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Wednesday, July 23, 2014 |  Madison, WI: 73.0° F  Fair
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Follow that corpse
The Black Dahlia makes no sense of infamous 1940s murder

Hartnett and Swank fail to summon up moral depravity.
Hartnett and Swank fail to summon up moral depravity.
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Over half a century after she was murdered, Betty Short continues to fascinate us, a screen upon which we project our hopes and fears about fame and fortune, beauty and lust, art and commerce, and that place where it all comes together, Hollywood. A would-be movie actress, Short didn't attract the public's attention until she was found in a vacant lot, her mutilated body drained of blood and severed at the waist, her face slit ear to ear in a hideous grin. Adding insult to injury, the killer had posed her like a pin-up girl, legs spread and one arm raised over her head. And in a sick kind of way, he made her a star. Dominating the headlines, Short was soon dubbed 'The Black Dahlia,' the name derived from The Blue Dahlia, a movie that had come out the year before, written by that auteur de film noir, Raymond Chandler. Alas, Betty Short was dead before she could become a femme fatale.

But we weren't through with her yet. In the intervening years, at least a dozen books have been written about the still-unsolved case, including two in which the authors pointed the finger at their own fathers. And now here's The Black Dahlia, Brian De Palma's lurid movie version of James Ellroy's 1987 novel, which solved the murder by introducing fictional bad guys (and girls) worthy of such a heinous crime. Known for his muscular prose, Ellroy had lost his own mother in a never-solved case of rape-murder when he was 9 years old. And his novel can be read as a J'accuse to the entire city of Los Angeles, that pungent cesspool of sleaze and corruption. Chandler and the other noir scribes had exposed the seedy underbelly of L.A.'s orange-grove Eden. But Ellroy turned the town upside-down. Now everybody was on the make, everybody was getting screwed. Just living there was murder.

The novel packs a wallop, featuring a pair of former boxers who've wound up in the Los Angeles Police Department, serving and protecting their own interests. But the movie, I'm sorry to say, is a disaster ' an enjoyable disaster, often, but a disaster nonetheless. It opens with the infamous Zoot Suit Riots, in which America's soldiers and sailors, having fought so valiantly in World War II, decided to clear the streets of anyone whose ethnic heritage happened to differ from their own. And De Palma stages it like an MGM musical, the blows choreographed as in a Gene Kelly ballet. And why not? Ellroy's novel isn't exactly kitchen-sink realism. The artifice just keeps coming, though, as if De Palma were winking at us while only pretending to take the whole thing seriously. The movie isn't set in the '40s, it's set in 'the '40s,' that movie-stuffed time capsule buried in some long-abandoned studio backlot.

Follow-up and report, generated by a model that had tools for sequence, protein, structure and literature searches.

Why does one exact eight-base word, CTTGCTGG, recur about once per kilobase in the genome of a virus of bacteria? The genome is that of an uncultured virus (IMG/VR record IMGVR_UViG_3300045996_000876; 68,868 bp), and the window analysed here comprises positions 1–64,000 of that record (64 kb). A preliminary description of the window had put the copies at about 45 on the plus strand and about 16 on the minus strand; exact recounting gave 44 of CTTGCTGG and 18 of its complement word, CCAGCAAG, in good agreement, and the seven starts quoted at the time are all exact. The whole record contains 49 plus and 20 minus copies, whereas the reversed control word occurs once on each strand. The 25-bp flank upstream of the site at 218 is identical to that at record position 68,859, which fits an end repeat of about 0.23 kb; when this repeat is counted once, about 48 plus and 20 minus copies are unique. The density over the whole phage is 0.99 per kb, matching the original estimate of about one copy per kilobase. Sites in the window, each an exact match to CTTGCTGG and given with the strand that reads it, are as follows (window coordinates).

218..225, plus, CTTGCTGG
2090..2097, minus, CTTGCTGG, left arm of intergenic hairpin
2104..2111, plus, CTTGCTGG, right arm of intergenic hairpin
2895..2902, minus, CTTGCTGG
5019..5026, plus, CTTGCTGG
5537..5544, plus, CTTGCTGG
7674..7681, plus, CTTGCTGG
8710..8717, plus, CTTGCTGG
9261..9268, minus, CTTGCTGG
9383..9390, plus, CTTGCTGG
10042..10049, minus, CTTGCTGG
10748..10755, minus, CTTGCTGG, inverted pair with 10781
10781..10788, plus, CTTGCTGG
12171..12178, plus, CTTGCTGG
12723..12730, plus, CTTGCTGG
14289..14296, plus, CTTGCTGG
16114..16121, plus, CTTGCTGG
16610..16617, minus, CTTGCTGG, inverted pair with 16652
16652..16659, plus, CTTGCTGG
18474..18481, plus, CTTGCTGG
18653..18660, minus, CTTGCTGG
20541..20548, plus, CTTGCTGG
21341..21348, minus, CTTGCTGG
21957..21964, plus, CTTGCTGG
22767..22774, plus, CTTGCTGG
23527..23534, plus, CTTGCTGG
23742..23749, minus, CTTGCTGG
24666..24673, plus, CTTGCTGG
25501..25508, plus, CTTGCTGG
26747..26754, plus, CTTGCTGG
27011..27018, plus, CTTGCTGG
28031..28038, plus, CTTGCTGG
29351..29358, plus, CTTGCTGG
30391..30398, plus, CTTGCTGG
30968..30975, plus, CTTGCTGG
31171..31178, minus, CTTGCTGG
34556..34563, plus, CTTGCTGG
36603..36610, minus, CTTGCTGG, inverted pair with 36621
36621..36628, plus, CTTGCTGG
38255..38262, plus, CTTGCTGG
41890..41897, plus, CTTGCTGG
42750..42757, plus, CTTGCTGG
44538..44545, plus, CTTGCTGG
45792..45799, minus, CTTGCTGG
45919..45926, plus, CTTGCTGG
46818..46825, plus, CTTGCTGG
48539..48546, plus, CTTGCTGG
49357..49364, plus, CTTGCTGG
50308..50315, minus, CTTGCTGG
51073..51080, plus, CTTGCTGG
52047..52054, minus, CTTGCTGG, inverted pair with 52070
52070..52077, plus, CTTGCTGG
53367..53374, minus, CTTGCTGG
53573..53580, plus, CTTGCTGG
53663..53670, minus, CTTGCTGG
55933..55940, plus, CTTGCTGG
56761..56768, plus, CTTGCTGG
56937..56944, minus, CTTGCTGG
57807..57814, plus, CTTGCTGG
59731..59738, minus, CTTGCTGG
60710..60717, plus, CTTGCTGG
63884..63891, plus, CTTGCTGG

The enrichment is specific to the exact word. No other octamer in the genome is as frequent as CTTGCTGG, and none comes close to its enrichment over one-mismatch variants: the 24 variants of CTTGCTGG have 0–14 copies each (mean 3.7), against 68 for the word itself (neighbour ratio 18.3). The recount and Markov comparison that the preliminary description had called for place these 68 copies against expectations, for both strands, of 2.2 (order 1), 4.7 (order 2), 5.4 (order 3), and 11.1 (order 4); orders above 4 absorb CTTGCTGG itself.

Unfortunately, the actors don't inhabit 'the '40s' or even the '40s. Josh Hartnett, for reasons understood only by the casting director, plays Bucky Bleichert, L.A.'s version of a good man. (He only lies, cheats and steals when he has to.) But Hartnett, with those sleepy eyes, seems almost incapable of summoning up the moral depravity required by the movie, a boy sent to do a man's job. And Aaron Eckhart, as Bleichert's bulldozing partner, Lee Blanchert, is even worse, if only because the role clearly calls for Russell Crowe. Assigned to the Dahlia case, Bleichert and Blanchert seem more concerned with Kay Lake (Scarlett Johannson), a Lana Turner type whom Blanchert's known for a while and Bleichert would like to know better. Then Hilary Swank shows up as Madeleine Linscott, a poor little rich girl who had a thing for ' and perhaps a fling with ' Betty Short. Mysterious women abound, driving the men crazy.

One can easily imagine De Palma (Carrie, Scarface, etc.) having gone to town on this material ' the feverish sex, the mutilated corpse, the mental derangement. And he does pull off a couple of cinematic set-pieces that will take their rightful place in his career-highlights reel. But the movie's close to an incoherent mess, scriptwriter Josh Friedman having failed to whittle Ellroy's mound of pulp down to size. (It takes several scenes to sweep up all the plot shavings.) Luckily, there's plenty to watch as the movie spins more and more out of control, including an over-the-top, around-the-back and through-the-legs performance by Fiona Shaw as a society matron unhinged by all the California sunshine. Shaw's gothic gargoyle is a total hoot, but it's at the expense of a movie that might have helped us understand that sprawling hallucination known as the City of Angels. By the end, a thick layer of smog has settled over everything.

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